"Be fully invested in equities" says Nick Train of Finsbury Growth & Income
In his latest podcast, the manager of this investment trust, which is a member of Moneywise’s First 50 Funds for beginners, tackles the question: “Why is it, given that Brexit is seen so potentially damaging for the UK economy, that the UK stock market is going up and up?” And, while, in trademark style, making no predictions about the future, he concludes: “Why shouldn’t it carry on going up?”
“The FTSE 100 is barely higher today than it was 16 years ago in 1999 and early 2000. That’s a long time for a major stock market to go nowhere or to go sideways,” he explains.
“I’m just going to say what I often say on these occasions. Do what we do. Look to be as fully invested in equities as you can and then hang on for the ride.”
“It’s the job of the stock market to be surprising”
He adds: “There is an overlap between the economy and the stock market but it’s a far less deep overlap than most people think. It’s a straightforward category error to think that the domestic macro-economics of the UK can have too much influence on this collection of substantial global international businesses that make up the bulk of the value of the UK stock market. Of course, when sterling falls the value of those global assets, those global earnings, just goes up and up.”
“The second thing to say though is you should never be surprised at how surprising the stock market is and that’s because it is virtually the job of the stock market to be surprising and unpredictable.”
Mr Train goes on to give some interesting observations on three companies in his portfolio gleaned from his research and reading over the summer.
- “In the countries where software company Sage operates there are 70 million small businesses. But only one in every five of those small businesses has any kind of accounting software or takes any sort of software service at all.”
- “Burberry remains among the top 5 luxury brands in the world. It makes the company strategically very attractive.”
- “Pearson has more signed up and paid for subscribers to its digital products than all of its competitors put together.”
The term is interchangeable with stock exchange, and is a market that deals in securities where market forces determine the price of securities traded. Stockmarket can refer to a specific exchange in a specific country (such as the London Stock Exchange) or the combined global stockmarkets as a single entity. The first stockmarket was established in Amsterdam in 1602 and the first British stock exchange was founded in 1698.
Investment trusts are companies that invest money in other companies and whose shares are listed on the London Stock Exchange. As with unit trusts, private investors buying shares in an investment trust are buying into a diversified portfolio of assets (to reduce risk), which is managed by a professional fund manager. Investment trusts differ from unit trusts in two important ways: they are listed on the stockmarket and so are owned by their shareholders and are closed-ended funds with a finite number of shares in issue. This means the share price of investment trusts might not reflect the true value of the assets in the company (known as the net asset value, or NAV) and if the NAV value of a share is £1 and the share price in the market is 90p, the trust is said to be running a discount of 10% to NAV. But this means the investor is paying 90p to gain exposure to £1 of assets. Investment trusts can also borrow money and use this money to buy investments. This is known as gearing and a geared trust is thought to be more of an investment risk than an ungeared one.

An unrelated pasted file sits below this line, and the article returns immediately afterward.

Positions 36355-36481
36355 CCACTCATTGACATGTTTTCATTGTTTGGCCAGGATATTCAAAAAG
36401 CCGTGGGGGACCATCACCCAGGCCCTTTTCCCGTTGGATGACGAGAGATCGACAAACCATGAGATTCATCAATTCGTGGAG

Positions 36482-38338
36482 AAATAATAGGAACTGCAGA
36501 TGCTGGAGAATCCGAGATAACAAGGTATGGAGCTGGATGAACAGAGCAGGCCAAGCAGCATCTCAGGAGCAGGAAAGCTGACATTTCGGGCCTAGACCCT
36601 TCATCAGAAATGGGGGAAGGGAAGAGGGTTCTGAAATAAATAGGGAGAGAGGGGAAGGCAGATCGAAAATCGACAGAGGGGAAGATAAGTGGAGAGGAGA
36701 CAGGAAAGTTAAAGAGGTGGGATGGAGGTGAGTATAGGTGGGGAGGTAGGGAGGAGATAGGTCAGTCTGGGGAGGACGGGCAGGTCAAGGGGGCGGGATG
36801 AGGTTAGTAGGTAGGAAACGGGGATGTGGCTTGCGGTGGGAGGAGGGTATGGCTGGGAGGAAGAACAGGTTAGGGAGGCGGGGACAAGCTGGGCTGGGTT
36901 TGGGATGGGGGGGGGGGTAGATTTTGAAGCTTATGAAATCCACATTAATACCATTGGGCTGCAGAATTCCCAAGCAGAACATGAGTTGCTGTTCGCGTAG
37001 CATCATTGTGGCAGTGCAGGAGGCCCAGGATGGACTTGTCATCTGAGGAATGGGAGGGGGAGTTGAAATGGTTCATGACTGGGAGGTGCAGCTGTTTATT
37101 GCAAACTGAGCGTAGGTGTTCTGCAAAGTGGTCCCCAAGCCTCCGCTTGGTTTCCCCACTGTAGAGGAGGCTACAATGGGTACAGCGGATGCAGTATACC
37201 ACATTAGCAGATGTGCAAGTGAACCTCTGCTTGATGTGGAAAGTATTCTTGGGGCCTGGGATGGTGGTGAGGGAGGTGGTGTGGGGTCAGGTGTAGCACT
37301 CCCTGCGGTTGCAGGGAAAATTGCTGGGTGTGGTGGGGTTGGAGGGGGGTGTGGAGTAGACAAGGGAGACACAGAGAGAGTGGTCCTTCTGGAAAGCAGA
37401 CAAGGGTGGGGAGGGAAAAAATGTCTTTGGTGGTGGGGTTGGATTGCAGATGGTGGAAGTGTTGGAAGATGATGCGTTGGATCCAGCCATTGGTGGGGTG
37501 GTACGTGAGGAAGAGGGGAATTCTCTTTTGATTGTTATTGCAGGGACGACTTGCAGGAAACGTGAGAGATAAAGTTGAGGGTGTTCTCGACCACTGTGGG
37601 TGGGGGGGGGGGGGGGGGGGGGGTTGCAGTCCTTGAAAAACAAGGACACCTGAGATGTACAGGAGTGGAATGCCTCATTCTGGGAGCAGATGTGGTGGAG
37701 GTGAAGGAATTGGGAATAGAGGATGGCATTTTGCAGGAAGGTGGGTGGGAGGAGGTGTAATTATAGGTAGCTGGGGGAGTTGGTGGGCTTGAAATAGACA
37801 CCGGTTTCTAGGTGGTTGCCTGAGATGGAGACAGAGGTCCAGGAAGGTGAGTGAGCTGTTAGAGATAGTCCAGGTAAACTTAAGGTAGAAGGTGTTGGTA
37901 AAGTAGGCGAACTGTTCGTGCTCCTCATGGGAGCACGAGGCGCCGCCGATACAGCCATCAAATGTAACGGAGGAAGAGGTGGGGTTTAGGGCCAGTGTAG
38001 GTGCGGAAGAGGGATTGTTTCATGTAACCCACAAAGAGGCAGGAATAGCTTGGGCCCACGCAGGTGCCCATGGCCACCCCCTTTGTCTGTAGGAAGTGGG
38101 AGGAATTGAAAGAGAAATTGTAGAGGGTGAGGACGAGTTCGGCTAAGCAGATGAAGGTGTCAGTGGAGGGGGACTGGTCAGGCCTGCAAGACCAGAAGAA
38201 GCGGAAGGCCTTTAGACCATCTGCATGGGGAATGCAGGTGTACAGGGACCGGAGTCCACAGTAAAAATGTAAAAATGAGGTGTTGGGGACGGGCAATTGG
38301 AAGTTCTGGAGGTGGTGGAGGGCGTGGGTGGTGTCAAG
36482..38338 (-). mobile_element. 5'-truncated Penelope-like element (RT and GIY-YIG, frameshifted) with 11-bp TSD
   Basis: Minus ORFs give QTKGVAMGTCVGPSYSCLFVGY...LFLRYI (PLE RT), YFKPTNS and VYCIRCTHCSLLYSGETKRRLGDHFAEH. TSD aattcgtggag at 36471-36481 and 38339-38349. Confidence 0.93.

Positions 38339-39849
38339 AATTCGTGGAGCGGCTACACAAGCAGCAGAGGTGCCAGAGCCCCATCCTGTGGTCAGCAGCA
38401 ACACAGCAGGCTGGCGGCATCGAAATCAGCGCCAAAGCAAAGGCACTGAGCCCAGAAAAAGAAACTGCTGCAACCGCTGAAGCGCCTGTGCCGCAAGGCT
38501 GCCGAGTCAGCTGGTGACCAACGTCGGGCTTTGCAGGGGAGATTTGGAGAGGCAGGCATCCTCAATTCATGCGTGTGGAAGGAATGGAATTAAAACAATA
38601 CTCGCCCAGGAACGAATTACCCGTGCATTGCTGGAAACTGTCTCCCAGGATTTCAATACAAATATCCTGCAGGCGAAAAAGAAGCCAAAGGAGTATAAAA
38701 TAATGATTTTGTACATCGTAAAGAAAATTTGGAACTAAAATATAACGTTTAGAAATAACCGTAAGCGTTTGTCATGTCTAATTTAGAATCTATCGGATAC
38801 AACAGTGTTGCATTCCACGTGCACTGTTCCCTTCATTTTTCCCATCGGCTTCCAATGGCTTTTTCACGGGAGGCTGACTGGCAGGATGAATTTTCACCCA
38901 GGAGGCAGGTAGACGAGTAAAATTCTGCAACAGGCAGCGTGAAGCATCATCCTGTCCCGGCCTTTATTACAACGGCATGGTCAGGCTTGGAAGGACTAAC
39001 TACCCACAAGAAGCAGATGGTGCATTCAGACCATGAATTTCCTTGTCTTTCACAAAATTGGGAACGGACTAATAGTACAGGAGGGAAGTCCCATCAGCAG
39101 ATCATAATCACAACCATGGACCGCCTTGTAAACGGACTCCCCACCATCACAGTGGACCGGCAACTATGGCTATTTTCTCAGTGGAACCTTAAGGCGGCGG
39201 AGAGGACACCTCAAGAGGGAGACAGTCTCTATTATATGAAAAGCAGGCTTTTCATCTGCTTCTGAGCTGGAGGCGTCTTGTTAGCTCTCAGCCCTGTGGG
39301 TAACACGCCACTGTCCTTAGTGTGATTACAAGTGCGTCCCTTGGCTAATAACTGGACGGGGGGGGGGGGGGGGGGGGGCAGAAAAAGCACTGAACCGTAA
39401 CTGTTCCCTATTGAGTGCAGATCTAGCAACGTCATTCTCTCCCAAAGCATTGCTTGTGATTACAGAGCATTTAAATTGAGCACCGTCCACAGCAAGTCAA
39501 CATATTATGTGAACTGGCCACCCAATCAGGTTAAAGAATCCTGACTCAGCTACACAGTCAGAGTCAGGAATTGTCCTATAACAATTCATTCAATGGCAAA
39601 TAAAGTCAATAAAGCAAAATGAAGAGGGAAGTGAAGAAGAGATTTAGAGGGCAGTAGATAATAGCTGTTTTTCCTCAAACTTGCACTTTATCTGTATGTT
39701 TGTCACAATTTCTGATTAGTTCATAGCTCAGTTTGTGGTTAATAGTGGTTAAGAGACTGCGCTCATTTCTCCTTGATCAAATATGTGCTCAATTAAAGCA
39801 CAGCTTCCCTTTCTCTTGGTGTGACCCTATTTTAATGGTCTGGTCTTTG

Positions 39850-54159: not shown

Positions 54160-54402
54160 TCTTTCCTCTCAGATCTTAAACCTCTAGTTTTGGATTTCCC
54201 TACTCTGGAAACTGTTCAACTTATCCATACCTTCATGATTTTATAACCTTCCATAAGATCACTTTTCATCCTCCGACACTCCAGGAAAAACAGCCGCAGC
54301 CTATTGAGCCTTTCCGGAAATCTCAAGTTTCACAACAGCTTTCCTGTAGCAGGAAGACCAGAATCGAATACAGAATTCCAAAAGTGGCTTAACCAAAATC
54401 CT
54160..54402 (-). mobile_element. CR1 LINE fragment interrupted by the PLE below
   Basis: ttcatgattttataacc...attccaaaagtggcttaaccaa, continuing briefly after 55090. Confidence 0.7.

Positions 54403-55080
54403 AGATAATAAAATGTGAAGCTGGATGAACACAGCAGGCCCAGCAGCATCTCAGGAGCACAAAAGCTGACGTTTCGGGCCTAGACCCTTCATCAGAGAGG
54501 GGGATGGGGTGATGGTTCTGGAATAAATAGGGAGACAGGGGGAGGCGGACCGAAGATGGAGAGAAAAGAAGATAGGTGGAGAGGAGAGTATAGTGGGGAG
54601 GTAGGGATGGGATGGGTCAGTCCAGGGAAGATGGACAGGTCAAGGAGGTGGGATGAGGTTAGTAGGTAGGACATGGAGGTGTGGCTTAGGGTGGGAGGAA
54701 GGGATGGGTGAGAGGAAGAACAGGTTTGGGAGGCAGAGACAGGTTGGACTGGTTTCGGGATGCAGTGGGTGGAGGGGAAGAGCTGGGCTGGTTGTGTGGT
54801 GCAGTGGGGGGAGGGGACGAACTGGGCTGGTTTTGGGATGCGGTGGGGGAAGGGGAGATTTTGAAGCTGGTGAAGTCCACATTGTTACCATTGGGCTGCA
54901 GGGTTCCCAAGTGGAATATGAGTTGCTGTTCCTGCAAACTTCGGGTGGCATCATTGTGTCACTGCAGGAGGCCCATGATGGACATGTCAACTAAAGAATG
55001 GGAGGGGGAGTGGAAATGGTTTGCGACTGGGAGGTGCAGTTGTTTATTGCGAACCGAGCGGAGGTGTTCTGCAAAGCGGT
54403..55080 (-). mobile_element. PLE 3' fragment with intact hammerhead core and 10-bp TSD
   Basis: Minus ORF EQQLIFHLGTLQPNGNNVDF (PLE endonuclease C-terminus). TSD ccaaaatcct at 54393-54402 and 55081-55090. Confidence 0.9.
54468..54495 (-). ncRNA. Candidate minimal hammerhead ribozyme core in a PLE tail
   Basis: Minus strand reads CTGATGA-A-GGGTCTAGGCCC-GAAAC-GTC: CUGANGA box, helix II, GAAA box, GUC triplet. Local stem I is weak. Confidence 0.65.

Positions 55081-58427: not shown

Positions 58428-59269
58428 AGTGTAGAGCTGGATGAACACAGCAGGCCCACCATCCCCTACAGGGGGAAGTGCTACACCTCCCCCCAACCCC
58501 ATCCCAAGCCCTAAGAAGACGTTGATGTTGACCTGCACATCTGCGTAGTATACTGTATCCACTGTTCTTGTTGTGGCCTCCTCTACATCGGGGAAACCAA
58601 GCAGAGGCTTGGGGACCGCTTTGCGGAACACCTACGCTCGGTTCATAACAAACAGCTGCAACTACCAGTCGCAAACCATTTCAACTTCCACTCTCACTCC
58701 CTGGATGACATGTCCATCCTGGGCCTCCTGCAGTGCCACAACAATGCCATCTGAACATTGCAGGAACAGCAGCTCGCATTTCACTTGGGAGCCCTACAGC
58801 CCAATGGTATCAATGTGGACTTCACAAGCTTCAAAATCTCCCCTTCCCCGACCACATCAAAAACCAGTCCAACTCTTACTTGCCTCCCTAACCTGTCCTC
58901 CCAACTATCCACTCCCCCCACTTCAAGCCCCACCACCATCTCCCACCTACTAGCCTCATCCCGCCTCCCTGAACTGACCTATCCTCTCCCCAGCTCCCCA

A market-weighted index of the 100 biggest companies by market capitalisation listed on the London Stock Exchange. It is often referred to as “The Footsie”. The index began on 3 January 1984 with a base level of 1000; the highest value reached to date is 6950.6, on 30 December 1999. The index is “weighted” by how the movements of each of the 100 constituents affect the index, so larger companies make more of a difference to the index than smaller ones. To ensure it is a true and accurate representation of the most highly capitalised companies in the UK, just like football’s Premier League, every three months the FTSE 100 “relegates” the bottom three companies in the 100 whose market capitalisation has fallen and “promotes” to the index the three companies whose market capitalisation has grown sufficiently to warrant inclusion. Around 80% of the companies listed on the London Stock Exchange are included in the FTSE 100.
An interchangeable term for shares (UK) or stocks (US). Holders of equity shares in a company are entitled to the earnings and assets of a company after all the prior charges and demands on the company’s capital (chiefly its debts and liabilities) have been settled. To have equity in any asset is to own a piece of it, so holders of shares in a company effectively own a piece proportionate to the number of shares they hold. (See also Shares).
An individual employed by an institution to manage an investment fund (unit trust, investment trust, pension fund or hedge fund) to meet pre-determined objectives (usually to generate capital growth or maximise income) in prescribed geographic areas or investment sectors (such as UK smaller companies, technology or commodities). The manager also carries the responsibility for general fund supervision, as well as monitoring the daily trading activity and also developing investment strategies to manage the risk profile of the fund.